Frankly, Red Cross sucks.
“Every hot meal came from us,” [DeWitt ISD Superintendent Micah] Dyer said. “[School district employees] had to go to our pantries and walk-in coolers and get whatever we could get so people would have food.” Dyer says the Red Cross didn’t appear with supplies until the fourth day of the storm and didn’t bring enough cots or food for those housed in the shelter, he said. A significant portion of the Meals-Ready-to-Eat (MREs) the charity did bring had gone bad, he said.
And since this is the era of Trump:
In an interview with ProPublica, [Houston City Council member Dave] Martin said he ran into Gail McGovern, the charity’s CEO, in a parking lot several days after Harvey hit. When he raised his concerns to her, Martin said she responded: “Do you know how much we raised with Katrina? $2 billion. We won’t even raise hundreds of millions here.’ I just thought, ‘Really, Gail? That’s your response to me?’”
I know people here who were offered $400 by Red Cross, were told it was coming after they filled out the paperwork for it, and then never heard about it again. I know people who had the money deposited directly to their account, and then removed again a day later.
Friends who were flooded out got a bucket of cleaning supplies from Red Cross. They said the bucket itself was so cheap and flimsy it was worthless, as were all the cleaning supplies. They simply added it all to the trash pile in front of their house. None of it was worth having, much of it was old, all of it was useless.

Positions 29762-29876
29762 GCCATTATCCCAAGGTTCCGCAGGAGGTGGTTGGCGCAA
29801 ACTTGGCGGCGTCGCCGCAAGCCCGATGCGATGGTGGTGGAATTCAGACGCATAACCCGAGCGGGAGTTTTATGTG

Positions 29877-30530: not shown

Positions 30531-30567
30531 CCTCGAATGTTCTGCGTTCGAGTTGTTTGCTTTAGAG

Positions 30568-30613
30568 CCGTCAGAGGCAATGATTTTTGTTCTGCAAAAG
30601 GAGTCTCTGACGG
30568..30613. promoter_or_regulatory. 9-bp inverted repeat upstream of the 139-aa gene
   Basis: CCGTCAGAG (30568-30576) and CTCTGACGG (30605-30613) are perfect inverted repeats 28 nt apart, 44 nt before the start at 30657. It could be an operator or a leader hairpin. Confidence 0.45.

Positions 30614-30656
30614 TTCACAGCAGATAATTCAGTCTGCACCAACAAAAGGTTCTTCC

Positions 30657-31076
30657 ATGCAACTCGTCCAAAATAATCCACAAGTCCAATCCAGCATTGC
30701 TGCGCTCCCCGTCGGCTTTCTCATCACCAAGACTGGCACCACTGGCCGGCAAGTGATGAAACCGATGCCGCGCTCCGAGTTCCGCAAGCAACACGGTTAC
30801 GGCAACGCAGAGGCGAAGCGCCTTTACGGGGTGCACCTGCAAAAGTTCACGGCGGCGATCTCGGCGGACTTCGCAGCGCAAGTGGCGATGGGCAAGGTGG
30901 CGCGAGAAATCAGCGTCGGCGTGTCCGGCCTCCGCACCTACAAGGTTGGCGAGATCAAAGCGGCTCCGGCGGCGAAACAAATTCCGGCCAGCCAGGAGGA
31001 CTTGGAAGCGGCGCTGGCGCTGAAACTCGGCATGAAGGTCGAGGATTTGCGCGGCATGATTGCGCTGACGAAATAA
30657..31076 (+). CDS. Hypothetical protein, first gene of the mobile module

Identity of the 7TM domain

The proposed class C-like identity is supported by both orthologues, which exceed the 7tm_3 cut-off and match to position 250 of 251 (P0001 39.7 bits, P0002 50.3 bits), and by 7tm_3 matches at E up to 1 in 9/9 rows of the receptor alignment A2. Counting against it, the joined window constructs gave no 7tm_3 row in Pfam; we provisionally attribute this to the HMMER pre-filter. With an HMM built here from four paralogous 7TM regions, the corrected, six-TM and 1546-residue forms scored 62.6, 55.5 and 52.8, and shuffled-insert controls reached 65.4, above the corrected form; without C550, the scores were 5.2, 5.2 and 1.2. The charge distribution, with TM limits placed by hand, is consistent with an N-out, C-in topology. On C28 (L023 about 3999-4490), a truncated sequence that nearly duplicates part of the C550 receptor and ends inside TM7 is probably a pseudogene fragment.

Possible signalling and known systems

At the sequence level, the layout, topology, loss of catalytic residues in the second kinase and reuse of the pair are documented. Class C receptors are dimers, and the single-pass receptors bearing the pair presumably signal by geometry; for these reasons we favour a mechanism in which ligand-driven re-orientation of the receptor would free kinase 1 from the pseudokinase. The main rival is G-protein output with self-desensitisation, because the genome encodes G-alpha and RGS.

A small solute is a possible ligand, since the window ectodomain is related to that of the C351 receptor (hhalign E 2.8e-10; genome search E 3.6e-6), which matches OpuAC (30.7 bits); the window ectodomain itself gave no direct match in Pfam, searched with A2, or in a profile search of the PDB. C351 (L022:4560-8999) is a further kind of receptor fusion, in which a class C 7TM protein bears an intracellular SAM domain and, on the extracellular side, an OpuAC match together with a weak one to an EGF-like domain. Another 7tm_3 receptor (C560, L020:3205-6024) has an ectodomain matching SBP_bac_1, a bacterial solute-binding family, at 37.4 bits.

Even the local TV station that held a telethon to get people to call in and donate to Red Cross has now been critical of it, and reporting the failures of Red Cross.
I wouldn't waste a dime on them. And as for the "A+" in Texas that Trump claims, well:
Federal Emergency Management Agency money for short-term relief like debris removal and some house repairs is already flowing to people and government agencies. But state lawmakers were told Monday that Housing and Urban Development disaster relief funds, which includes money for extensive home repairs or rebuilds, could take seven to 32 months to work their way through bureaucratic processes and several layers of government agencies.No, not just Houston. Whole towns were obliterated by hurricane winds down the coast from Houston. The Gulf Coast region, from Rockport (smashed to bits) to Port Arthur (where, the mayor says, just clearing debris to the landfill may take 6 more month) was devastated by wind and rain. There is a legitimate concern expressed in the article that Houston will suck up the lion's share of the federal dollars, leaving the more rural areas and small towns with nothing.
“It could be some time,” Texas Land Commissioner George P. Bush told the House Urban Affairs Committee.
That panel and the House Appropriations Committee met simultaneously Monday on the University of Houston campus to discuss local, state and federal responses to the worst rainfall event in U.S. history. And some officials and experts said they are already starting to worry that countless Texans will lose personal wealth they’d accumulated, slide deeper into poverty or become homeless.
“We may have a new crisis on our hands,” State Rep. Diego Bernal, D-San Antonio.
The water's gone; the damage will be with us for years. Many years, apparently. But Trump has his "A+," and that's all that matters.